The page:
One arm military press – 86 pounds; Bent press right arm – 238 pounds; bent press left arm – 192 pounds; Right arm clean and jerk – 196 pounds; Lateral raise standing – 86 pounds; Lateral raise lying – 102 pounds; Two hands anyhow (dumbbells) – 244 pounds; Two hands anyhow (barbell and ring weights) – 272 pounds. This compares favorably with Arthur Saxon’s two hands anyhow of 448 pounds at 210 pounds bodyweight. To continue, Two arm military press (dumbbells) – 162 pounds; Two arm clean and jerk (dumbbells) – 190 pounds, and was a master at kettlebell and barbell juggling. At his bodyweight he was without peer on certain lifts, and extended his knowledge to many famous pupils.

From England we tour to the continent where a famous Bavarian athlete born in 1882 gave strength athletes something to wonder at as his prodigious muscularity and amazing lifting became apparent. He is Max Sick, also known as Maxick; height 5’4 ½”, weight 145 pounds. He was rated my many in the era around 1909 as the world’s most muscular human. At muscle-control he was an artist, and when lifting believed in extreme concentration on only the muscles or groups that were taxed to make a successful lift. At the completion of a workout his contention was complete relaxation to recharge and restore the energy expended. His theory certainly was successful as judged from the amazing lifts he accomplished!

Two arm continental and jerk – 330 pounds; One arm clean and jerk – 240 pounds; Two arm snatch – 220 pounds. Maxick was an exceptional presser which greatly aided his fame and performance of unusual hand balances and planches. In 1910 his standard two arm clean and press was 222 pounds. Two arm clean and continental press – 240 pounds, and to top that, due to his flexibility and general body construction, he performed a clean and continental (but in this case rested both elbows on his hips (might even be a two arm bent press, if such a lift were recognized), he then arched his back until the arms locked straight coming erect with the weight overhead – 254 pounds. Since the middle 1930’s he has been residing in South America, and in the past few years I have seen some remarkable photographs of him, still a muscular phenomenon.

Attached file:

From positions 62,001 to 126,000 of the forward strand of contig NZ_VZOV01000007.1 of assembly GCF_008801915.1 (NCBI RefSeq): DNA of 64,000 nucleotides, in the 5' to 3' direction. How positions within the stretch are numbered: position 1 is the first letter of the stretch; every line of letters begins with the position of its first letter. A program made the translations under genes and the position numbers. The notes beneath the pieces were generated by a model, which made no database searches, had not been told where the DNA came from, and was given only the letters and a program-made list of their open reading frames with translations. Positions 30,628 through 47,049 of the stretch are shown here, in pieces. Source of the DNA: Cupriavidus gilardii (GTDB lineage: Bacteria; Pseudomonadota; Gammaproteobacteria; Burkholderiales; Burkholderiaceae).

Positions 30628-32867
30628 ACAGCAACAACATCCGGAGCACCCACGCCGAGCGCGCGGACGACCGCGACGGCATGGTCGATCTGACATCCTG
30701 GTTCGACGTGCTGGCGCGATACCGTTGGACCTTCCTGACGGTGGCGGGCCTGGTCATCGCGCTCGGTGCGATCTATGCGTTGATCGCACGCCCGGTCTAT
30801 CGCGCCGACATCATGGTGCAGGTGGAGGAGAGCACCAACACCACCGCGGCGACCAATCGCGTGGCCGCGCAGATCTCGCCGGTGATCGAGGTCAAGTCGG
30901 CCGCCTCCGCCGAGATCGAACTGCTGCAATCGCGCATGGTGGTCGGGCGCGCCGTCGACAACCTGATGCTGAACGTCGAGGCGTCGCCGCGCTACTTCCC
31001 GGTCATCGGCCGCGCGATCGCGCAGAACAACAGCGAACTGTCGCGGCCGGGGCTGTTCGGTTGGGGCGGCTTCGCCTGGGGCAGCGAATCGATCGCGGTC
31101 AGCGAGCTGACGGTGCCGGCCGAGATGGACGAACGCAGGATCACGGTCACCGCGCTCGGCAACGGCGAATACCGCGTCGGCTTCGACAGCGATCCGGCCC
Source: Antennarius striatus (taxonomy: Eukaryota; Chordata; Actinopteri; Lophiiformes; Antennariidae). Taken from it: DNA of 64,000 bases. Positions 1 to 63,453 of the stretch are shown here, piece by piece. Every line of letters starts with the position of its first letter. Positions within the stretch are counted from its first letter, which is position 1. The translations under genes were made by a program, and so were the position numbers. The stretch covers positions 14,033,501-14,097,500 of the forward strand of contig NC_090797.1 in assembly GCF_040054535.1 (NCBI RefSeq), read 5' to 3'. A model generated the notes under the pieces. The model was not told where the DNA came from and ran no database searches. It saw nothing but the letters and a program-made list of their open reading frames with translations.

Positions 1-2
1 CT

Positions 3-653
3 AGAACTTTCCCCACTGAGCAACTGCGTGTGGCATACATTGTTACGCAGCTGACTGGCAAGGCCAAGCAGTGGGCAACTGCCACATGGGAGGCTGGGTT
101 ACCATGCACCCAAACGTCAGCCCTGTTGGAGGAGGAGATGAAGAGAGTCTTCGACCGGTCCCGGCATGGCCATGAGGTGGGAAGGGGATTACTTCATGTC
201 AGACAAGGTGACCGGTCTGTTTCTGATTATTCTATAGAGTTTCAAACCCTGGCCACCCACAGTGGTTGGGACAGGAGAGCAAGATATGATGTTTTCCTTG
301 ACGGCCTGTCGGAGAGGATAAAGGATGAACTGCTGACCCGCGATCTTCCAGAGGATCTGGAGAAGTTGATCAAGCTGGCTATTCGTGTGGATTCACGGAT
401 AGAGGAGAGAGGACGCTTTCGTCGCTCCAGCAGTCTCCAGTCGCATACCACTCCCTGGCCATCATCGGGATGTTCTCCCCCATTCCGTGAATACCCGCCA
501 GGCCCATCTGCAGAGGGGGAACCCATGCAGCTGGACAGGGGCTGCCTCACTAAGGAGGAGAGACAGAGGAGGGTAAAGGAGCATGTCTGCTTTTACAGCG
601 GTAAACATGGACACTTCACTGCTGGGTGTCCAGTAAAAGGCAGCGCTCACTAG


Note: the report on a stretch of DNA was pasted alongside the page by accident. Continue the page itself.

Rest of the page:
In the country “down under,” Sydney, Australia, is an athlete whose physique is superlative. I have yet to see a photograph of him that wasn’t a muscular masterpiece. His name is “Don Athaldo,” born W. J. Lyons in 1895. At a height of 5’4 ½” and a top bodyweight of 160 pounds, his lifts were outstanding. As early as 1921, at a bodyweight below 140 pounds, he two dumbbell clean and jerked a total of 182 ½ pounds. Again in 1928, at a bodyweight of 143 pounds, he performed a crucifix totaling 122 ¼ pounds. I have not heard of him since 1940, at which time at the age of 45 his weekly schedule was still strenuous, consisting of three swims of good duration, many miles of walking and jog trotting in addition to a barbell workout.

I wonder what ever became of Manuel Ferry of Auburn, California, prominent for the following feats in the late 20’s. Of modest stature at 5’2” in height and a bodyweight of 136 pounds, his deltoids were astounding for his size, as was his ability to put the shot. Manuel tossed the 12 pound shot 49 feet. 8 pound shot 64 feet, and the 20 pound shot 38 feet. I am wondering if he is the lad who some fight promoter rightfully reasoned should have an unearthly wallop and started him on a ring career which ended with the first bout when, using his shot put technique, he shattered his opponent’s jaw and had no further interest in the game. That his reflexes were of the best is proven by his ability to run the fifty yard dash in five and four-fifths seconds, and toss a javelin in the neighborhood of 160 feet. A one arm jerk of 197 pounds, one arm military press of 91 pounds and a one arm curl of 57 pounds mark him as a superman, not withstanding his ability to “muscle out” 50 pounds. Seems I have but just touched the surface on these compact dynamos of strength, and will have to continue in a later article.